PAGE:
Saying Goodbye To Your Sports Career


Lea, Staff Writer

Sports are one of the most amazing parts of high school seniors will tell underclassmen; leaving the sports family is not.

Growing up, in general, is hard, but when you have a team/family supporting you during these four years, it makes it just that much easier to grow. Matt Tuley has been playing baseball since he was 6 years old, and he began freshman year playing for the high school. Tuley learned a lot while playing on his team especially, “Time management ” Tuley continues, “kind of hard at first but it’s something you get used to.” 

Tuley has committed to Ursinus College and credits his playing days in shaping his future, “I am going to continue to play in college, and I just had a really great experience.”

One major benefit of doing a sport in high school is the family bond. This helps many kids in high school, for it helps them learn lessons.  Appreciation comes with the game Savannah Wood expresses, “I wish I appreciated it more junior and sophomore year. “I knew I had more years left and now I don’t want to leave.” 

Wood offered what many athletes feel, “(It’s) so sad, because I know I will not play volleyball again unless its intramurals but it’s sad to leave all my teammates.” The importance of being part of the school’s culture drives Wood, “I’ve been playing with them for years and just leave the sport and school sport because being apart of a school sport is very fun and not everyone gets to experience so I am glad I got to experience it.”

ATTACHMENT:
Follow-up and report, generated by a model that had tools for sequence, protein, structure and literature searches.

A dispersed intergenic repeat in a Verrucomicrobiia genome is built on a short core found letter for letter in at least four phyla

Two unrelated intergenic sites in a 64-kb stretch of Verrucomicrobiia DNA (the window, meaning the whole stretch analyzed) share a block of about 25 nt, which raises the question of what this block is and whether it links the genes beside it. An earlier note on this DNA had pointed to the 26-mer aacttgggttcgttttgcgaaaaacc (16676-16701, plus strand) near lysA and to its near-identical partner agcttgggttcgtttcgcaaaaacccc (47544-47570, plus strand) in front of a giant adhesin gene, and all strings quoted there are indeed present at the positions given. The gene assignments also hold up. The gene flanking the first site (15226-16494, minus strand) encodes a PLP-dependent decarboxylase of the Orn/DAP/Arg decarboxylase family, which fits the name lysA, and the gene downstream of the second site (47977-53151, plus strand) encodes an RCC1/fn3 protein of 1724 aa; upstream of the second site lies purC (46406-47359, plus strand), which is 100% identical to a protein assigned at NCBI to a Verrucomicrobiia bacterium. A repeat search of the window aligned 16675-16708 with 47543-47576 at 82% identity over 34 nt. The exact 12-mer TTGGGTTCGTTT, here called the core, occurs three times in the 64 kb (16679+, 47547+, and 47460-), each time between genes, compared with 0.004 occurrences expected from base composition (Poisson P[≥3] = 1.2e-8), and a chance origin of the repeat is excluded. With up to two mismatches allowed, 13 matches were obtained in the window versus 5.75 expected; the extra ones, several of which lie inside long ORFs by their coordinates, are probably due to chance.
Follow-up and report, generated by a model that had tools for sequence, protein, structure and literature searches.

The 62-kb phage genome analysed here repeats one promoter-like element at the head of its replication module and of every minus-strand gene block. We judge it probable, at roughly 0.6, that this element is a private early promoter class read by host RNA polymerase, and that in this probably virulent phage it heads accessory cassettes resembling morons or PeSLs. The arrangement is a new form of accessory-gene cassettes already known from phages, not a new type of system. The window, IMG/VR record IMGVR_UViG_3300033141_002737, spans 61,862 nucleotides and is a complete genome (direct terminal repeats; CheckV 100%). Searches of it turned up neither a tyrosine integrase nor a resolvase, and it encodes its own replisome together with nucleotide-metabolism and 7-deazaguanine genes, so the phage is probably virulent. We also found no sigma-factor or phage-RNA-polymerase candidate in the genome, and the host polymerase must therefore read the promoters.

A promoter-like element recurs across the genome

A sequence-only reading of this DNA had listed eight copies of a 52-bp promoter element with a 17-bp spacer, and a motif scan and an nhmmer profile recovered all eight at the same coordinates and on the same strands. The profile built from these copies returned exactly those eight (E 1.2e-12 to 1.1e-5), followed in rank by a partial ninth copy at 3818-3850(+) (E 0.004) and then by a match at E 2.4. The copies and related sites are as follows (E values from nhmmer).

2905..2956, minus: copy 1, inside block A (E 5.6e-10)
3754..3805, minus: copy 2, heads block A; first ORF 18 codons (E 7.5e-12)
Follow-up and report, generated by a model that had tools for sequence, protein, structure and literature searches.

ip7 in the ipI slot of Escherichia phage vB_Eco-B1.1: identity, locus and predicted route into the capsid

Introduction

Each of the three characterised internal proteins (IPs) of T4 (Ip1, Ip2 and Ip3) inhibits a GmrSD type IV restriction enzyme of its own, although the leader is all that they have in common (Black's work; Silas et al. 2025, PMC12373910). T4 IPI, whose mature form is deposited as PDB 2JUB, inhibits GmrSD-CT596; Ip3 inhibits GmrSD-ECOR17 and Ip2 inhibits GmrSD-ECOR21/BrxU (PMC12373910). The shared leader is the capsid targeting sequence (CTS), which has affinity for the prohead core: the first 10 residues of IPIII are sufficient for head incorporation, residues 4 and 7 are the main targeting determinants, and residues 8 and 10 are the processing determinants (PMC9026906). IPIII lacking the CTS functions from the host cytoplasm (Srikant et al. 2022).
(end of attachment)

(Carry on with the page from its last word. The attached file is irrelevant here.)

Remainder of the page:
Tim Garlick expressed how leaving his friends is going to be the hardest part, “Through the years we have all gotten really close since we are all really close right now it will be hard.”

While injuries is part of the game for Courtney North, she never left her soccer team’s side even though she experienced concussions causing her to sit out several games, “Last year I got my fourth and final concussion,” North carries on saying, “I still support the team by filming their games.”

Coaches also must say goodbye, and Varsity Baseball Coach Jonathan Pallone has to say goodbye to many of his amazing baseball players. Pallone says, “Each year it is tough to watch the seniors move on. Throughout their four years in high school as a coach, you develop relationships with each person. Being able to watch the players grow not only as athletes, but as students, and more importantly, as people is such a blessing. It becomes fun to catch up with the guys as they achieve through college and after.”

Pallone offers a quote that inspires him as a coach, “John Wooden, legendary UCLA basketball coach, once said real success for a coach isn’t winning National Championships, it’s when the players come back later in life and seeing their successes in the paths they’ve chosen.”